I don’t consider myself to be old; yet, if I look at the changes in college education since the start of my college days in 1991, I might as well have been in college with Fred Flinstone! Education is so drastically different now. Perhaps the biggest educational change has been the creation and evolution of distance education. I think that there are more changes to come for distance education. In addition, I’d like to discuss the ways that I (as an instructional designer) can have a positive influence on the future of distance education.
Scott Howell, PhD, Peter Williams, MS, and Nathan Lindsay, MS, state that education had become more consumer driven, learner centered, and self-directed. (Howell, Williams, M.S., & Lindsay, M.S., 2003) My personal experience certainly bears witness to this trend. In mid-2006, I took my first distance learning course. Over the next three and a half years, I completed my Associate’s Degree and then my Bachelor’s Degree via distance learning. After a four year hiatus I started on my Master’s degree, again via distance learning. Over this 9 year period, I have taken classes through 3 different institutions, and each experience has gotten progressively more challenging. Going hand and hand with this, Howell, Williams, and Lindsay also feel that education has become more competency based, moving away from memorization and testing. (Howell, Williams, M.S., & Lindsay, M.S., 2003) Again, from my own experience, this does appear to be true. As these changes continue to occur, I think that any remaining stigma that online education is inferior to brick and mortar education will disappear. I think that distance learning will become a normal way of learning for nearly all people who want a college education. Even those who attend traditional campus courses may find that several of their courses are distance learning (or blended) courses.
In 2008, Ismail Sahin and Mack Shelley did a study on learners’ satisfaction with distance learning. The most general summary of their results was that when students can successfully use online tools and feel that the education is a useful and flexible way to learn they have high levels of satisfaction. (Sahin & Shelley, 2008) Using this finding, I can influence people’s perceptions about distance education by designing courses that meet these standards. I can make sure that I provide resources to students who struggle with the online technology. I can make sure that I provide background and well written performance objectives so that students understand the “why”. I can create challenging activities that center whenever possible on the learners’ personal background and experiences. Distance learning provides a lot of flexibility for learners but I can also make sure that my schedules are as flexible as possible. When students finish a class feeling like they have been challenged but learned something, they will share their experiences, thus benefitting the entire distance learning community. I can also share my own positive experiences with distance education; I hope that when people hear that I (a single mom of 5+ kids who works full-time) was successful with distance education, they will feel inspired to achieve their educational dreams too.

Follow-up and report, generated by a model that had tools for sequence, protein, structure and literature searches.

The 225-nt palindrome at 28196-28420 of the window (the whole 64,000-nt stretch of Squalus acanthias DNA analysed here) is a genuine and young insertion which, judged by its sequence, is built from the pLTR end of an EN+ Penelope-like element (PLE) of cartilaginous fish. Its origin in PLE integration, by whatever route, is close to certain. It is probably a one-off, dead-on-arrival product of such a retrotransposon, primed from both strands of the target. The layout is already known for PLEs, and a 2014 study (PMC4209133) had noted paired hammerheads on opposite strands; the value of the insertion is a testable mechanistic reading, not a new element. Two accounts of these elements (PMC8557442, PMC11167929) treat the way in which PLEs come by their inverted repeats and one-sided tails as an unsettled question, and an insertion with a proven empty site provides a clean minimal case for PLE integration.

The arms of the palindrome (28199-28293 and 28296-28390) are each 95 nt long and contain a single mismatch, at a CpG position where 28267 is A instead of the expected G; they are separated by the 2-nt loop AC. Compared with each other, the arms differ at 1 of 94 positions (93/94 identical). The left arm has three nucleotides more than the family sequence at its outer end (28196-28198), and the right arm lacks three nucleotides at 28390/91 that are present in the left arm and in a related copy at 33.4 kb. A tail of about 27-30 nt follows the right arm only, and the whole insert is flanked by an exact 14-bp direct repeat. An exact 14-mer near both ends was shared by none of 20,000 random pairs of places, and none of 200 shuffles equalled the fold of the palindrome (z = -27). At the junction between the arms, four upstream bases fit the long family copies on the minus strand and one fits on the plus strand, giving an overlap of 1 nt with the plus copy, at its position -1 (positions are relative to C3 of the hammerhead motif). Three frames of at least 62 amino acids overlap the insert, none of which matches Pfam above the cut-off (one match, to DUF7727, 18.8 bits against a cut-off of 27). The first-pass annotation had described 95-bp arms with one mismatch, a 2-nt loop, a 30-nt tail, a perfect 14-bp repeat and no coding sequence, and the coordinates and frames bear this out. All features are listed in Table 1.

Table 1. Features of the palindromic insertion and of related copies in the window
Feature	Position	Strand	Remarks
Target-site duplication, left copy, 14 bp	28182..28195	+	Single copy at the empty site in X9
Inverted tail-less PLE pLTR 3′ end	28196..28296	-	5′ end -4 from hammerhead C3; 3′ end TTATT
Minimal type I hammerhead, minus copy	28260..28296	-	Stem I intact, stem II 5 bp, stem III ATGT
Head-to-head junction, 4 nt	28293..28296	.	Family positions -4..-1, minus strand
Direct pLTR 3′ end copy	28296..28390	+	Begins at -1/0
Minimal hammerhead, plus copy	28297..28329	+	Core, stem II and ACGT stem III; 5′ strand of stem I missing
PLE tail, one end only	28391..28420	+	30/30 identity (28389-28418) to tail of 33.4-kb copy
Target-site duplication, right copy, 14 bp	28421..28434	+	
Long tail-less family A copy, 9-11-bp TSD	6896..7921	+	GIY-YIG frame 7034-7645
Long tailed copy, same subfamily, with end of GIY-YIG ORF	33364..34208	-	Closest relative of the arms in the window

Benjamin Franklin said, “Without continual growth and progress, such words as improvement, achievement, and success have no meaning.” (Franklin) There are a few things that I can do to be a positive force for continuous improvement in distance education. First, while I am a student, I can provide constructive feedback (both positive and negative) about the courses that I am participating in whenever possible. This might be as easy as completing the end of course surveys or emailing the professor regarding a specific assignment. As an instructional designer and instructor, I can ask others for their opinions, and then I can listen intently with an open mind to their suggestions. I can share my best practices with other instructional designers, and I can use theirs as well. I can remember that to make a product learner-centered, I must actually design it for the learner and not for me.
As I stated in the beginning of this blog post, distance education has come a long way in a very short period of time, but I don’t think that it is done changing yet. I think it will become even more learner-centered and even less stigmatized. As an instructional designer there are some very important things that I can do to help distance education move along its journey. I hold this as an important job and look forward to being part of this exciting process.
Franklin, B. (n.d.). Retrieved June 28, 2015, from Brainy Quote: http://www.brainyquote.com/quotes/quotes/b/benjaminfr387287.html?src=t_improvement
Howell, S. L., Williams, M.S., P. B., & Lindsay, M.S., N. K. (2003, Fall). Thirty-two trends affecting distance education: An informed foundation for strategic planning. Retrieved June 28, 2015, from Online Journal of Distance Learning Administration: http://www.westga.edu/~distance/ojdla/fall63/howell63.html
Sahin, I., & Shelley, M. (2008). Considering students’ perceptions: The distance education student satisfaction model. Retrieved June 28, 2015, from Educational Technology & Society: http://www.ifets.info/journals/11_3/15.pdf